“He works so hard in practice and he stays out after practice working on different moves. He’s playing great right now and his confidence has grown. He makes things happen. His improvement has been amazing. If he keeps that up the next few years, he’ll be something to behold,” said Larose.
Meader, Rivers receive recognition
University of Maine-Farmington’s Daren Meader of Waterville and Jared Rivers of Skowhegan were honored with national recognition. Meader was named to the NAIA Division II All-America Third Team, while Rivers was named as Honorable Mention All-American after the two seniors helped lead UMF to a 21-5 season, the school’s first 20-win season in 11 years.
Meader, a 6-foot-4 guard who was the Maine Atheltic Conference Player of the Year, averaged 22.5 points, 5 rebounds, and 5.6 assists per game, and managed a 69.6 free-throw percentage.
Meader finished his UMF career second all-time in points with 1,819, and amassed 472 assists (fourth), 610 rebounds (10th), 183 steals (second), and 685 field goals (second).
Rivers, a 6-4 forward playing in his second season at UMF, averaged 20.4 ppg (second in the MAC), 8.5 rpg, 2.4 apg, and finished with a 64.2 field goal percentage to lead the MAC. He was First Team All-MAC and runner-up for MAC Player of the Year. Rivers finished his second year at UMF with a 57.3 field goal percentage (third all-time) and 57 blocked shots (second).
In UMF coach Dick Meader’s seven years as coach of the Beavers, his son, Daren, is the school’s first All-American.
Rivers, who walked on at UMaine and played a year at Husson before transferring to UMF his junior year, was the perfect complement to Meader.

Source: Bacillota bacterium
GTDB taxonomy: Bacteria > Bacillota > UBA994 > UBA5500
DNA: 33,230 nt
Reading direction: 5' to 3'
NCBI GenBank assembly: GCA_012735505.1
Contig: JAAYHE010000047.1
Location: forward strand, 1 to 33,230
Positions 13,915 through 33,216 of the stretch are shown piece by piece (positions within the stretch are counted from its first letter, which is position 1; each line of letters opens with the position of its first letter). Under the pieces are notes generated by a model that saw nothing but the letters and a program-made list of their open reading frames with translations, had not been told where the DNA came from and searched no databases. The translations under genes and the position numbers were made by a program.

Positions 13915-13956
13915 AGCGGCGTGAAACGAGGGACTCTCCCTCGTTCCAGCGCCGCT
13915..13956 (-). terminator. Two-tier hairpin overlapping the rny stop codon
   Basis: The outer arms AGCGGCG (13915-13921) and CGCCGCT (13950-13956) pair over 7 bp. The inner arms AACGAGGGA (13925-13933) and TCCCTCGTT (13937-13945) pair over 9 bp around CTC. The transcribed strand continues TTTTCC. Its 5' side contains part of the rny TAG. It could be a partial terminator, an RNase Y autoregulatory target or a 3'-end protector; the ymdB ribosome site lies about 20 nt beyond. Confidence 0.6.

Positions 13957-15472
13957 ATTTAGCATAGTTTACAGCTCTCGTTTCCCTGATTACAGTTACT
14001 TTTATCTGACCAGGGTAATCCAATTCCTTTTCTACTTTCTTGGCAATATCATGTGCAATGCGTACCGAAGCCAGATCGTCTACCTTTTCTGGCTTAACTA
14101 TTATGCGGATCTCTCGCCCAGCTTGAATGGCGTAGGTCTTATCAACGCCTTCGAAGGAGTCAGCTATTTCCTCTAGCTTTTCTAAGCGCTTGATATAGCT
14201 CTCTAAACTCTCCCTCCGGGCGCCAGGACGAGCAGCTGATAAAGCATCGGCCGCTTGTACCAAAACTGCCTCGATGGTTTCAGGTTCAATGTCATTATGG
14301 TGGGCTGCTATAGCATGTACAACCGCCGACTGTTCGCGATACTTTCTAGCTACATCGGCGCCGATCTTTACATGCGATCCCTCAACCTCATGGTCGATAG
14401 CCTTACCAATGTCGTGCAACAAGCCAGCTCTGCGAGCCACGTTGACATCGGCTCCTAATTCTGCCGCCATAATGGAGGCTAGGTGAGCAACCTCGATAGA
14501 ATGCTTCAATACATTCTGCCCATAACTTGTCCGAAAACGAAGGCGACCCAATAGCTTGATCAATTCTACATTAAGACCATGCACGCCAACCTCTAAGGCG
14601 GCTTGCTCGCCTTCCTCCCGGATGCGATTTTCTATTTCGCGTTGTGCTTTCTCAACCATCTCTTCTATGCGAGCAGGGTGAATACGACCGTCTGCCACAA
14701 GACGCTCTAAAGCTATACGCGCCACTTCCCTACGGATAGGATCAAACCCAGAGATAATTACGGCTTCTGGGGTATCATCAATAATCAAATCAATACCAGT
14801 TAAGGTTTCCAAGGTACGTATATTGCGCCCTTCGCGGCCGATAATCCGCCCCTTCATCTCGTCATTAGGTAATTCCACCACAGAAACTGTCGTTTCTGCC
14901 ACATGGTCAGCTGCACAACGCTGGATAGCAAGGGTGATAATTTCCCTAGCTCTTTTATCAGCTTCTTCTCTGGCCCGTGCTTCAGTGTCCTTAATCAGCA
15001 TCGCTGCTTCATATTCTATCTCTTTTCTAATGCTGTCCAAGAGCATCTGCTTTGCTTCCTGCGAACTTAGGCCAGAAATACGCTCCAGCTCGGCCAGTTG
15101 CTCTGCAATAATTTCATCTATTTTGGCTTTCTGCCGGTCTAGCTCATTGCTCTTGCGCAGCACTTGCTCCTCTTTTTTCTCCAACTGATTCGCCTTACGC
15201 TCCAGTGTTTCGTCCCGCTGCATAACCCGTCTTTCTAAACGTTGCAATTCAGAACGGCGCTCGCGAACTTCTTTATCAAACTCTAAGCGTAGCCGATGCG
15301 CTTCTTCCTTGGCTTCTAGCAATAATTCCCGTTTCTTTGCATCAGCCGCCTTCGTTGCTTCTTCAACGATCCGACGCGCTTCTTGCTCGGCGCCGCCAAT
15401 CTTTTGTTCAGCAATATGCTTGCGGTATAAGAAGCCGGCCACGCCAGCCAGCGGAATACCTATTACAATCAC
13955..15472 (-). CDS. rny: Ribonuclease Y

“They played off each other well,” Dick Meader said. “Daren was also our assist leader. Through his penetration, he created shots for other players, and Jared was one of them. Also, Jared was very good on the offensive boards and he would create opportunities.”
Rivers’ stellar season came despite the fact he was hurt most of January with a sprained ankle and missed five games.
Bangor’s Cooper places second
Cadet Jason A. Cooper, son of John and Lynne Cooper of Bangor, placed second in the 198-pound division during the Military National Powerlifting Competition in San Diego last Saturday.
Cooper, a 1997 Bangor High School graduate, competed for the Army Powerlifting Team of the U.S. Military Academy. Representatives from all branches of military service competed.
Cooper plans to graduate from West Point in 2001 and be commissioned a second lieutenant in the U.S. Army.
EM Tech honors hoop players
Nicholas Wiberg of Stonington recently gained the Bob Duffy Memorial Award for the Eastern Maine Technical College men’s basketball team. The award is based on sportsmanship, leadership and attitude.
Also gaining team awards for EM Tech of Bangor were: Newcomer of the Year, Brad Galley of Campobello, New Brunswick; Eagle Award (coach’s award), Josh St. Clair of Pittsfield; Best Defense, James Osborne of Medway; Most Improved Player, Mason Doore, Augusta; and Best Offense, Nathan Cyr, Enfield.